Don’t mention your weaknesses

I am a very firm believer that it is the company’s job in technical interviews to assess your technical competencies.

If you feel worse about your front-end experience versus your back-end experience, don’t let them know that. First of all, it’s their job to assess your skills. Second, developers are often harder on themselves than other people. Just because you don’t love your front-end skillsets doesn’t mean other people won’t be envious of what you can do.

Also, don’t make excuses as you code. I’ve seen it happen. I’ve done it in the past. I’ve also heard this mentioned in interview debriefings. If you mention you are not great at something, your interviewers will take your words and mention them later. Even if you are being humble, what you say often becomes “the truth” in technical interviews. Make it hard for them. Don’t speak about your faults. Put your best foot forward. Be confident. Let them know you are competent in all parts of your work, and put the work on them to be able to prove otherwise.

Make sure you are prepared

Research company interview reviews on GlassDoor. Don’t assume the questions will be the same, but you can expect similar questions based on available reviews.

Cracking the Coding Interview Book – This book is fantastic! I highly recommend it if you are interviewing. It has a lot of commonly asked behavioral and technical questions. It helps you brush up on CS fundamentals and commonly asked MVC and OOP questions. If you are interviewing, you must buy this book!

Go through HackerRank challenges – A lot of companies will use tools like HackerRank to decide if they should bring you into the office to give you an in-person interview. If companies are using this, you should use the platform in order to practice. They provide many different options for algorithm, data structure, and other types of challenges. They also have dozens of languages available for you to code in.

Check out InterviewCakeInterview Cake is one of the best kept secrets in programming interviews. If you aren’t great at technical interviews, check out this website. It’s the only resource online that recreates a technical algorithm interview (which you often see when an interviewer asks you to use coderpad). It will have you create an initial solution. It will ask you if you can do better. It will show you how you can do better and how the algorithmic efficiency of your solution can be increased. It will teach you how to ace algorithm interviews. It’s probably the best resource you will find online to help you solve these challenges. Don’t take my word for it, go try their demo and you will see why it’s so great!

Post Interview

Learn from every interview

I had an “interviewing notebook” during my job search. In it, I would write down every term I didn’t fully understand. If I was asked a question and I wasn’t happy with my response, I would write it down. Taking note of your mistakes is the first part in correcting them.

I suggest writing these things down in the middle of an interview. If you don’t feel okay doing that, make sure you open up your notebook as soon as your interview is over, and scribble everything you remember not being able to answer efficiently.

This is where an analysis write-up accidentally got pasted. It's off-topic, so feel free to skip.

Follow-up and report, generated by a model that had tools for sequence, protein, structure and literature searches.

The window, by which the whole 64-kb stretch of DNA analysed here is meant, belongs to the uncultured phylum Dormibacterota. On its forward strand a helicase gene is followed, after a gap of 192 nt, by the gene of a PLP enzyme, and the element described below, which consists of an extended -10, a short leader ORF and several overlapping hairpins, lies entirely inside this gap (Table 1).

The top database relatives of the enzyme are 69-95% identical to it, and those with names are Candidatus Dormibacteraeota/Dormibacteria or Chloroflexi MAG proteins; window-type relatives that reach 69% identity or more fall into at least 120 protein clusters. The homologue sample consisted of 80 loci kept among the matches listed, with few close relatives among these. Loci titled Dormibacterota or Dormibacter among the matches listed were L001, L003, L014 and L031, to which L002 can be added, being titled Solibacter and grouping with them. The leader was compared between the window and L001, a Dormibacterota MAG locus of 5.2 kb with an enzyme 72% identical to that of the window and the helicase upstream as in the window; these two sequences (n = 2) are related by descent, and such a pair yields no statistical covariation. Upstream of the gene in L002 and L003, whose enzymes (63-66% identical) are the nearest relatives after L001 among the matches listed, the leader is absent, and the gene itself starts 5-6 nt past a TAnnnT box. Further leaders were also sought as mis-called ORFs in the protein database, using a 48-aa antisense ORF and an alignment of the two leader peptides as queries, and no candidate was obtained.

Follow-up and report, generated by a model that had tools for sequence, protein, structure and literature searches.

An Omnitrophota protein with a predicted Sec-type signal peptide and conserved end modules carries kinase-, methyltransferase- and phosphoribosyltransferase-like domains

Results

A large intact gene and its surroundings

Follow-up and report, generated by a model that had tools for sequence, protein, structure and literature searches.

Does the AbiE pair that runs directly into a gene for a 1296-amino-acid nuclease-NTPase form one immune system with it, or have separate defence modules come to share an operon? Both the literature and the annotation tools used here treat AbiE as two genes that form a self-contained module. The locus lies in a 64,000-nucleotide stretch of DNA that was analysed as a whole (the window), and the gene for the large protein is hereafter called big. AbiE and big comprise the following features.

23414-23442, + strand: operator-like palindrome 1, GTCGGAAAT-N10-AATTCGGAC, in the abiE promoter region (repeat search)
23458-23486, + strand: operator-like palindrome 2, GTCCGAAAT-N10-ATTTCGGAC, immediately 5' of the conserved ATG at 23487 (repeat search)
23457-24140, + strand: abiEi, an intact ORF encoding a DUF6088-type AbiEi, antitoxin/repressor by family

If you don’t know the answer to a question once, that’s okay – it happens. If you fail to answer the same question from multiple interviews, that’s your own fault. Make sure you go back in this notebook when you get home and look up what you didn’t fully understand. Software development is about continuous learning.

Go back to the fundamentals

Depending on the company you are interviewing with, they may want you to know a lot about Big O notation, data structures, and algorithms. This is something self taught developers often struggle with. You can take 2 online classes for free to level up your skills and fully understand these concepts. I highly recommend Steve Skiena’s Algorithms class and Brian Harvey’s Intro to Computer Science class.

Even if you never learned them, CS fundamentals aren’t too tough to learn. I recommend going over and following their recommendations to fill in knowledge gaps.



Ask for feedback explicitly from your interviewers

You should already be writing down what you think you did wrong in your interviews. However, this isn’t always good enough. You also need to find out what the interviewer’s reasons were for passing on you if you don’t get an offer.

I suggest explicitly asking interviewers why they passed on you. You should ask for feedback from your interviewer. You should mention that you’re always trying to improve, and you need to find out what to focus on. Ask them if they can provide any feedback on your interview or suggestions on what you should focus on as you continue your job search.

Companies don’t really have incentives to give you this feedback, but a few will provide it to you if you explicitly ask. Not all feedback is created equal, but any negative feedback you get from a company is a gift. It tells you exactly what you need to improve. It tells you why you didn’t get the offer. You won’t always get it, but make sure you follow-up and ask at least twice for feedback after an interview.

You should get in touch with me

If you are interested in exploring opportunities at Liberty, I’d love to speak to you. Connect with me on Linkedin ( or send me an email (

If you’re interested in finding a new gig and have no interest in Liberty, I’d love to talk to you, too! There’s two reasons: (1) I learned a lot about job hunting over the last few months and can help you land the job you want and (2) your perception of Liberty probably isn’t accurate and I’d love to give you the lowdown – the good and the bad about software at Liberty. You should also connect with me on LinkedIn ( or send me an email (

§951 · June 26, 2017 · Technical Interviews · · [Print]